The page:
Katie Rosseinsky (Stylist) writes about Jamaican poet, editor, producer, and broadcaster Una Marson and a new documentary about her life and career in “Una Marson Our Lost Caribbean Voice: this new BBC documentary follows the story of a trailblazing Black broadcaster.” [Many thanks to Peter Jordens for bringing this item to our attention.]
You might not have heard of Una Marson, but that’s about to change thanks to a new documentary shining a light on the extraordinary life and work of the BBC’s first Black producer and broadcaster at the BBC.
Though much of Marson’s work has been lost, meaning that she has been overlooked by history, Una Marson: Our Lost Caribbean Voice will use her surviving writing and letters, as well as details from her BBC personnel file, to tell her extraordinary story and give this important figure the credit she deserves.
Seroca Davis plays the broadcaster in the programme’s drama segments, while academics and Marson’s friends will provide insight on her life as a Black woman in broadcasting during the Second World War.
Born in Jamaica in 1905, Marson became the assistant editor of the political journal Jamaica Critic at the age of just 21 in 1926, before setting up The Cosmopolitan Monthly Magazine two years later, becoming Jamaica’s first ever female editor.
Her first poetry collection followed in 1930, and two years later she travelled to London, hoping to find a wider audience for her literary work. When she arrived, she found that her opportunities were limited by her race, prompting her to campaign against discrimination as part of The League of Coloured Peoples. She also wrote about the racism she and other Black women faced in England.
Marson was hired by the BBC Empire Service in 1941 to work on Calling The West Indies, a programme where soldiers’ letters would be read out to their families, becoming the show’s producer the following year.
She eventually turned the show into Caribbean Voices, a programme which celebrated literature from the Caribbean, and wrote and produced At What A Price, a play about a mixed-race relationship, which was performed in the West End.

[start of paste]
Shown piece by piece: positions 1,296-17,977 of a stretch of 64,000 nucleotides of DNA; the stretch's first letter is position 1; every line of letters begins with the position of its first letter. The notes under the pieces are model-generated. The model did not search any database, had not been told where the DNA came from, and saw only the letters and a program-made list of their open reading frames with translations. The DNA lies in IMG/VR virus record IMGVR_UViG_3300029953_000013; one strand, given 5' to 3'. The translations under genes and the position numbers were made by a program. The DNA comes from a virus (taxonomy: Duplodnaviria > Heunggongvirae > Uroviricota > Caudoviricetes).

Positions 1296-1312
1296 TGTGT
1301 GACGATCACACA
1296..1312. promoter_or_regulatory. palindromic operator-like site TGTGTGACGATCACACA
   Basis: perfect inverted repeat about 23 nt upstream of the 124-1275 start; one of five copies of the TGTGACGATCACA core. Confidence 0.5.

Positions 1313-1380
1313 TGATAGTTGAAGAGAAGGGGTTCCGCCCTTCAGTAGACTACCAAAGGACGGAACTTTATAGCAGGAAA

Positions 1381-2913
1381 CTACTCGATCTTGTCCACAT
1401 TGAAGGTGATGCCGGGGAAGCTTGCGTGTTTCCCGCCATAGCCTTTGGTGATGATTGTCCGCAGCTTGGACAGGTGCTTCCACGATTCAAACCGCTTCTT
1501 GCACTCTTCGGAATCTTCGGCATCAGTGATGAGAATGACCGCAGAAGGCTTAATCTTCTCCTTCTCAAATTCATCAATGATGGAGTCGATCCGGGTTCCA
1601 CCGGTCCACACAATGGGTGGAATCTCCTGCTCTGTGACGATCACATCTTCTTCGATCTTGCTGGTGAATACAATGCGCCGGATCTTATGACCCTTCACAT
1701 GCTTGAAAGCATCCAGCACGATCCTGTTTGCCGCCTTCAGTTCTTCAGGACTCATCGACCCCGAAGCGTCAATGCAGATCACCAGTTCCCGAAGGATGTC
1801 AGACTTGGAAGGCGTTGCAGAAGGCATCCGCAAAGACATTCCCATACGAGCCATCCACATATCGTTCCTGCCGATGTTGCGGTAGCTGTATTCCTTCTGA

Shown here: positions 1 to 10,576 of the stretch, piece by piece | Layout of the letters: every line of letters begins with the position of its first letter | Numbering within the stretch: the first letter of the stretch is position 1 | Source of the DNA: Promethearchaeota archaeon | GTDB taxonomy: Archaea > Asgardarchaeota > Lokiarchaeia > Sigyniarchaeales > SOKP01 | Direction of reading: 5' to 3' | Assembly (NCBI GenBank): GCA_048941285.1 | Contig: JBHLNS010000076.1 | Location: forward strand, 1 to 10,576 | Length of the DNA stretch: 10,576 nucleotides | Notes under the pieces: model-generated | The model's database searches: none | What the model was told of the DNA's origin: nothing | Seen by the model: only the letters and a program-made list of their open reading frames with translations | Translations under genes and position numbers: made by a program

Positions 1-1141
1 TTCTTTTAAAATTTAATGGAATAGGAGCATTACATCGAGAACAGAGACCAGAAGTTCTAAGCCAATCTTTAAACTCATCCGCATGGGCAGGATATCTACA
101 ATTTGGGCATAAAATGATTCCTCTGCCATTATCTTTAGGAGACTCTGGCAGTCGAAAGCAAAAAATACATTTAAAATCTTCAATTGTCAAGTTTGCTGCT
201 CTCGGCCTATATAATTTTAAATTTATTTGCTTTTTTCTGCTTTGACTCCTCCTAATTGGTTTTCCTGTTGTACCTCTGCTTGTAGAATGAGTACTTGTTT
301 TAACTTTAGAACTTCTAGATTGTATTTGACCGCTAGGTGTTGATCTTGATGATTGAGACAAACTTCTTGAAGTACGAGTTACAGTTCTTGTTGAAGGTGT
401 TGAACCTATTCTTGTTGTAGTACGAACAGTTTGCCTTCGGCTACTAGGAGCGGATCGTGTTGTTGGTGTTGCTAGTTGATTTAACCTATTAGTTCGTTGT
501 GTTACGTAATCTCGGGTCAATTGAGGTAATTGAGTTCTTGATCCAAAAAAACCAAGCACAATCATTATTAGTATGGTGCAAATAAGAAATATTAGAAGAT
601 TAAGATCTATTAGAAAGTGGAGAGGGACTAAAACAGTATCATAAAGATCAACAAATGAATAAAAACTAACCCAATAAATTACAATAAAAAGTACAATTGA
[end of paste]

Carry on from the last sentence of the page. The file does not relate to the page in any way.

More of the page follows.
Returning to Jamaica after the war, she went on to set up her own publishing company, but sadly little evidence remains of her work in her later years.
The film, which has just aired on BBC Two has been produced by Lenny Henry’s Douglas Road production company. Writing about Marson’s legacy for the BBC, the actor and comedian said: “When I think of Una Marson, I think of a trailblazer – a pioneer who connected the Caribbean to the world through her radio programmes. But most people don’t even know who she was, let alone anything about her work at the BBC.”
By making a film about her life, Henry added, “My team and I are choosing to say her story is important. She deserves to be lauded and I hope we have added to her legacy.” The film has also been widely praised by viewers for shining a light on a figure who has long been forgotten by the history books.
[Above: Una Marson: Our Lost Caribbean Voice: Seroca Davies as Una Marson.]
For original article, see https://www.stylist.co.uk/entertainment/tv/una-marson-our-lost-caribbean-voice-bbc-two-documentary/721657 Also see https://www.bbc.com/news/entertainment-arts-63215113 and https://www.bbc.co.uk/programmes/m001dht8